Rethinking e-Government Services

User-Centred Approaches

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Expecting substantial savings and improved public services – a trend further accentuated by the financial and economic crisis beginning in 2008 – OECD countries have invested in the development of e-government services over the past 10-15 years. However, despite the initial exceptional take-up, governments later saw low adoption and low use of e-government services which are still far from satisfactory today.

This report gives a broad description of the shift in governments' focus on e-government development –  from a government-centric to a user-centric approach. It gives a comprehensive overview of challenges to user take-up of e-government services in OECD countries and of the different types of approaches to improving it. The monitoring and evaluation of user take-up are also discussed, including the existence of formal measurement frameworks. Good practices are presented to illustrate the different concrete approaches used by OECD countries.



Improving User Take-up

Some Cross-cutting Trends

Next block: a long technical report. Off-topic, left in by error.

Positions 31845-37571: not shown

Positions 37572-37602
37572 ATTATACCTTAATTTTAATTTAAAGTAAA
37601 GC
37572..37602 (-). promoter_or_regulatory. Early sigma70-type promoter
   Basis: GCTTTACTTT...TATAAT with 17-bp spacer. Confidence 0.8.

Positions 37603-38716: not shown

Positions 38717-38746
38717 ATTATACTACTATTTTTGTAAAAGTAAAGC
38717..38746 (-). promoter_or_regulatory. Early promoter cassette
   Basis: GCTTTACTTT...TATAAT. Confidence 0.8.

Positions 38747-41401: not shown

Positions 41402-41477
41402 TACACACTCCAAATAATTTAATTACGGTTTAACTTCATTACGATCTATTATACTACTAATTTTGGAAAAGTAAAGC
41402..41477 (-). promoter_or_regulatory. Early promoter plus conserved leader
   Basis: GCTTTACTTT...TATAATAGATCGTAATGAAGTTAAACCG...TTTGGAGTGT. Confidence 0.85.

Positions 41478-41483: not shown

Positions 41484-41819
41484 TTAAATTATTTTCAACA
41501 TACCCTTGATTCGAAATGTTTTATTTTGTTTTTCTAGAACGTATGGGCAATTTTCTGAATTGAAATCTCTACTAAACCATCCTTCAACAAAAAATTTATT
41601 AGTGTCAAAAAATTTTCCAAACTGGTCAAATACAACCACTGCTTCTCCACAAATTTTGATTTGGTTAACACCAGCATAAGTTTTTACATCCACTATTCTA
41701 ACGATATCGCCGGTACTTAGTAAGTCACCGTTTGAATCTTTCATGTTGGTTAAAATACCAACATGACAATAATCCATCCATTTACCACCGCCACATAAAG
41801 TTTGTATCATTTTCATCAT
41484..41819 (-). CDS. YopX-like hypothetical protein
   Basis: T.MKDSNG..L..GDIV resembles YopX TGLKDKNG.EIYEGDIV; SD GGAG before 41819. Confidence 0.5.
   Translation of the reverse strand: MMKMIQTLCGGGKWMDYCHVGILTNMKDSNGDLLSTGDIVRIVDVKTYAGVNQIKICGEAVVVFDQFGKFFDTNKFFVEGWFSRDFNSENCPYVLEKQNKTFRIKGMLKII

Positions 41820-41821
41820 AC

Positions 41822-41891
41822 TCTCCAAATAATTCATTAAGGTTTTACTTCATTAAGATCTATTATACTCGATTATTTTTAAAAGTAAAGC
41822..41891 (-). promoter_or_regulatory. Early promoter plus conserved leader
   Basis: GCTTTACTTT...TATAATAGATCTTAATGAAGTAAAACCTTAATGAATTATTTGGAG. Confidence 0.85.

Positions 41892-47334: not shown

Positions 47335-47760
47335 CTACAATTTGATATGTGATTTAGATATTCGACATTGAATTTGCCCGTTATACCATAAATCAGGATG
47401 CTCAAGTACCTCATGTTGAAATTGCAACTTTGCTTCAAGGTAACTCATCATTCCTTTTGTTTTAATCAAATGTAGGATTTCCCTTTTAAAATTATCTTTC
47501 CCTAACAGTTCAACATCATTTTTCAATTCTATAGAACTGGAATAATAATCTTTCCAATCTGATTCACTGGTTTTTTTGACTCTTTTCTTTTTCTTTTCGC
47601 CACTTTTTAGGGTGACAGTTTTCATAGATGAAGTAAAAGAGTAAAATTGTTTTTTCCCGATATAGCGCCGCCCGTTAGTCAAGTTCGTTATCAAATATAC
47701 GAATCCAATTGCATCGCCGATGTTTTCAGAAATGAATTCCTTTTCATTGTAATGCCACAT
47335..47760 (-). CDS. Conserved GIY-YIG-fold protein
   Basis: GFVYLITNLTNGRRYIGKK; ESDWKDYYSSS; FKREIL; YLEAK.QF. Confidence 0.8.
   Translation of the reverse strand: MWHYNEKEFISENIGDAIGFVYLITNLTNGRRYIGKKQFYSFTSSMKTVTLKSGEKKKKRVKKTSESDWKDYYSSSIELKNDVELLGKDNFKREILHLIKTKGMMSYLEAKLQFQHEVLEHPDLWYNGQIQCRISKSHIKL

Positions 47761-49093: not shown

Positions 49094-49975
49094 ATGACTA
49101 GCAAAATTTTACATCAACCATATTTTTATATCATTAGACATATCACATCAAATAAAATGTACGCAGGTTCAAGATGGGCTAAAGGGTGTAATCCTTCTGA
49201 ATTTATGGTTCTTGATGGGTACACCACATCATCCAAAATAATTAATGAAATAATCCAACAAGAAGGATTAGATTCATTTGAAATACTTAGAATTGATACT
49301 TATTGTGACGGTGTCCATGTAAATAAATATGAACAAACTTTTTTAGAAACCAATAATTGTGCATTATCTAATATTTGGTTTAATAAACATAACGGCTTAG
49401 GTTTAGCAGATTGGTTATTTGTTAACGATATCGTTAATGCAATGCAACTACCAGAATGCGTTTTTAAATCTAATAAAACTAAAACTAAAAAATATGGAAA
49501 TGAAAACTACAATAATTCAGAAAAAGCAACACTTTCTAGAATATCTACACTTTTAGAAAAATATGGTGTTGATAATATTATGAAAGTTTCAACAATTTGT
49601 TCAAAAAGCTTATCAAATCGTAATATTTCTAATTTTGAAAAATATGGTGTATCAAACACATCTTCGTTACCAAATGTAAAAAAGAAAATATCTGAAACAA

Governments recognise that providing e-government services is not enough: these services also need to be used by the public. Making the public sector more efficient and effective, and at the same time providing services that citizens and businesses want to use, has over the years been seen as two diametrically opposed goals, but this is not necessarily the case. The goals are complementary in nature and are each their own prerequisites: this is the essence of the paradigm shift from a government-centric to a user-centric service delivery approach. Looking at service delivery from a user’s point of view suddenly puts new demands on the public sector as a service provider. Some OECD countries have grasped this and have transformed – or are in the process of transforming – their public sectors accordingly to enable the delivery of integrated services. This demands strong political and managerial leadership, and a will to change traditional administrative and cultural thinking within the public sector as a whole and among civil servants. Other cross-cutting experiences show that successful user-focused e-government programmes include: organising government websites simply; creating the same “look and feel”; focusing on “killer applications”; ensuring relevance of services provided; and engaging in inclusive service design. The focus on becoming usercentric and innovative in service delivery suggests the need for governments to set up frameworks for designing, developing and delivering innovative and fully integrated services, whether on- or offline – an issue to be further explored in the future.


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